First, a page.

said, that the entirely courred in the opinion which had been expressed upon this subject by those noble Lords who had preceded him, and it was not his intention to go at any length over the ground which they had traversed; but having from an early period of his public life felt an interest in this question, he should be sorry to allow the discussion to close without expressing his sentiments. Everybody who was interested in the subject must have been gratified to find that justice had been done on both sides of the House to the character of the Polish nation, and more particularly to the character of that illustrious man who had lately been taken away from the world after a life spent in devotion to the interests of his country under the most adverse circumstances. He had himself had an opportunity in the course of last year of conversing with that illustrious Prince, and all that he had heard from him convinced him of the justice of the view which had been taken of his character and conduct in the course of that discussion. He was very glad to hear his noble Friend opposite (the Earl of Malmesbury) state frankly and fairly his opinion with regard to the breach of the Treaty of Vienna. He believed no one could look at that treaty and compare with its provisions the conduct which had since been pursued towards Poland without feeling that a very serious violation of public law had been effected by the events of 1834, and that those who had been immediately concerned in that transaction owed more to the forbearance of Europe than to the justice and moderation of their own conduct. One result was, that that small but interesting city (Cracow) which was the last refuge of the nationality of Poland, and which the treaty guaranteed should have a free and independent constitution, had become a part of the Austrian Empire. He should say that if the convenience of nations, if the interests of this country and the prudence of the British Parliament, did not permit our taking a more serious notice of those questions, and impose upon us the necessity of adopting corresponding measures, it was, at least, a satisfaction to know that the voice of Europe could be heard in the British Parliament, and that those who had so far succeeded in carrying out their ambitious designs had, at all events, to encounter the reprobation of the British Parliament—a body which more than any other in Europe was entitled to express the opinion of England and of the civilized world.


said, that with what had been said in favour of the rights of Poland he entirely agreed; but he thought some points in the condition of that country had been omitted by the previous speakers. One of the greatest grievances under which the Poles at present suffered had not been at all alluded to£it was the great religious grievance. He had been assured that at the present moment there were nearly 5,000,000 Poles who had been forced to abjure their religion, and adopt—of course, only in appearance—the Greek form of worship. Statesmen must be ill observers of the feeling of the present time if they expected to produce a reformation of public opinion by such means as this. He had also heard that within the last few years there had been attempts to convert all Jewish children to the Christian faith; hundreds and thousands of children had been carried away by force to be baptized and educated in the principles of the Greek Church. Their Lordships had heard a great deal of the Mortara case—a case which, indeed, fully called for their sympathies—many of the Governments of Europe interfered in that case—he should like to know whether the Emperor of Russia interfered also— but for that one instance of this greatest grievance there were hundreds, if not thousands, in Poland. Every one must feel deep sympathy in the great experiment that was now taking place in Russia—one of the most arduous, dangerous, but beneficial changes ever contemplated. He could not suppose that there was any idea of stifling the aspirations of Russian Poland for the acquisition of representative institutions. While wishing well to the Emperor of Russia in the great experiment he was now making, they could not but feel that he would derive the greatest assistance in carrying it to a successful result from having the support of those Polish provinces where serfage had been abolished since 1791. He trusted that they should not hear of papers being circulated by the police among the Polish peasants urging them to rise against their landlords, for such a course would lead to the greatest danger, not only to Russia but also to Europe. Such a ruse had been practised before with the most fatal results. Apprehensions had frequently been felt at the danger that would arise to Europe from a too powerful despotic monarch, but dangers would also arise from an extended system of jacquerie such as they were told had arisen in some Russian provinces. If the Polish provinces were well organized and fairly treated they would feel no sympathy with such a movement, but they would act as a great breakwater to preserve Europe from the flood of dangers arising from the domination of an ignorant and savage peasantry. He was gratified to find on both sides of the House so unanimous a feeling of sympathy with the just claims of Poland.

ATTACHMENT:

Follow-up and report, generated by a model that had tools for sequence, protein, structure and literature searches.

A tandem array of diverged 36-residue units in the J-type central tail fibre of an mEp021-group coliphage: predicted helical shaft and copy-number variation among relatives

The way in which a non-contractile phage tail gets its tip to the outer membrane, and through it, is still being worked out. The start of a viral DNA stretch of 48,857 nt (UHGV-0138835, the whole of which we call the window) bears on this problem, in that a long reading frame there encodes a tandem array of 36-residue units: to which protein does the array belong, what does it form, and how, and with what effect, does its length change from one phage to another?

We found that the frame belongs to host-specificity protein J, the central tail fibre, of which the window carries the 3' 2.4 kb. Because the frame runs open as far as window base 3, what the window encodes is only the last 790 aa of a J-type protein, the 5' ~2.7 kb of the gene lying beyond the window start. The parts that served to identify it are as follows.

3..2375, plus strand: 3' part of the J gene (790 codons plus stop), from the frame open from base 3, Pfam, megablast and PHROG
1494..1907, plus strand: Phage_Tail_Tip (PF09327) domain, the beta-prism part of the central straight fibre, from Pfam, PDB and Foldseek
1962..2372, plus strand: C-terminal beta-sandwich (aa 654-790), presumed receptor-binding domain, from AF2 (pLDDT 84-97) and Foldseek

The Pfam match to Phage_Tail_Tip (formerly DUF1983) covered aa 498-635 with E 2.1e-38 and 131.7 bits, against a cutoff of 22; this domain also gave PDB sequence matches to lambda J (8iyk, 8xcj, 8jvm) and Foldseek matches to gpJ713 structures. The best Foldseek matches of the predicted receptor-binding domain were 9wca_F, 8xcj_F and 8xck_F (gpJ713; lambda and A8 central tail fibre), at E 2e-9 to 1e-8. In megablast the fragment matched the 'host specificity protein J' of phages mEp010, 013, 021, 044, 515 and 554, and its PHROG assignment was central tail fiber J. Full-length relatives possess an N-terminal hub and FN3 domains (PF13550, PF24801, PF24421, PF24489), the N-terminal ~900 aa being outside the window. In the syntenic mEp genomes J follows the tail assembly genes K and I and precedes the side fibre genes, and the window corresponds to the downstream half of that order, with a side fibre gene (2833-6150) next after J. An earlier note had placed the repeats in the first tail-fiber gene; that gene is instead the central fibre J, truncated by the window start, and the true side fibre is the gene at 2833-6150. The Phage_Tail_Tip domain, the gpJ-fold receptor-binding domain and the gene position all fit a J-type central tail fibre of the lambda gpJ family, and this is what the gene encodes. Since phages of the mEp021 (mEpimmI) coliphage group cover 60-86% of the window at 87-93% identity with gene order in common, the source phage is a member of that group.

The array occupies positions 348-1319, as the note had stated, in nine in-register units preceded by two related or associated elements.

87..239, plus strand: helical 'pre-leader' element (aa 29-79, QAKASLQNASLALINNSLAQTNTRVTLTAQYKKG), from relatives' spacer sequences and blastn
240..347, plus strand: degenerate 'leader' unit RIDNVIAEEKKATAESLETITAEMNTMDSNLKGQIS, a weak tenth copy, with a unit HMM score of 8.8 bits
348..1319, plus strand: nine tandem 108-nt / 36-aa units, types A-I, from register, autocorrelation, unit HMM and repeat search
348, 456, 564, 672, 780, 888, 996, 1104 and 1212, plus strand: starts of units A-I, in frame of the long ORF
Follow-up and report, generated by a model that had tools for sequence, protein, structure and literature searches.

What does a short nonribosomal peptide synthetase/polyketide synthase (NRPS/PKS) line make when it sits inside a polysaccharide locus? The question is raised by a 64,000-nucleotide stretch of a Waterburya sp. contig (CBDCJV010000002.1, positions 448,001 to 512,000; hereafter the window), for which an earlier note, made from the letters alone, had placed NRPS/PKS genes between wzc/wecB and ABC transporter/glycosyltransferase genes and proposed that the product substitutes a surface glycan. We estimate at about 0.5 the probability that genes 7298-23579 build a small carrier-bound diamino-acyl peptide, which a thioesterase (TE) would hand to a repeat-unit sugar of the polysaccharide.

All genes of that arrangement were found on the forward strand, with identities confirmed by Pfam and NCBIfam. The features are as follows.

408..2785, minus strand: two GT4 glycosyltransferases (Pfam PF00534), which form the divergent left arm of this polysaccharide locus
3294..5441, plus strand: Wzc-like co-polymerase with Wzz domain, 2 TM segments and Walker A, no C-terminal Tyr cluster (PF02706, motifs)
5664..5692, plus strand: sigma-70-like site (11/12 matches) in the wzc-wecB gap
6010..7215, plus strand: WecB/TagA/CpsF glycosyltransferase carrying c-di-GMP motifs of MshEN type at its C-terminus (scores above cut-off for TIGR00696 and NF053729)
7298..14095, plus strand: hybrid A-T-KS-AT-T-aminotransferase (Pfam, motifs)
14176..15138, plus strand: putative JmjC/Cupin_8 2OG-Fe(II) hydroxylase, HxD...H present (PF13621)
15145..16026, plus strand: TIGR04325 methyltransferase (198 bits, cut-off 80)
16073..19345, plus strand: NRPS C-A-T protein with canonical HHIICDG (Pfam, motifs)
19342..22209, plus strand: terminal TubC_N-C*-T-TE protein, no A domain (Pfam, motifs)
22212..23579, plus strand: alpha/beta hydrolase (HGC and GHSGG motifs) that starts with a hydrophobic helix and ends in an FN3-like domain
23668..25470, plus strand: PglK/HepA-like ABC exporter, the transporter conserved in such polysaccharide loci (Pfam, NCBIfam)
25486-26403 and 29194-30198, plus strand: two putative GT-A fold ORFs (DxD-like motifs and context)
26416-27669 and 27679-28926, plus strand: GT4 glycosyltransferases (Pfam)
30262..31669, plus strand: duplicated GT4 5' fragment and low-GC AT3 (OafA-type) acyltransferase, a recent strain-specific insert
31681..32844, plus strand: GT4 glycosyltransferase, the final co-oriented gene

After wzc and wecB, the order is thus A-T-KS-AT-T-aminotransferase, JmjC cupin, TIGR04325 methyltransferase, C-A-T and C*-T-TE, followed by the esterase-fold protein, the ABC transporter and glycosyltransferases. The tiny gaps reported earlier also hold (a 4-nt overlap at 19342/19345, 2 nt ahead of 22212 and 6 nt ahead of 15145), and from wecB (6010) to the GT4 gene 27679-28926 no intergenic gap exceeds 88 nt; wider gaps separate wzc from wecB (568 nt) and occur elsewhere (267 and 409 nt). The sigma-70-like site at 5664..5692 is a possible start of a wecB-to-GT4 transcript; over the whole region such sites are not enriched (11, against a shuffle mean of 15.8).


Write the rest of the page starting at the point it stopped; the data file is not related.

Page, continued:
said, he would adopt the suggestion of the noble Lord the Under Secretary of State for Foreign Affairs, and confine his Motion to the Correspondence between Great Britain and Russia.

Address for Papers, &c., agreed to.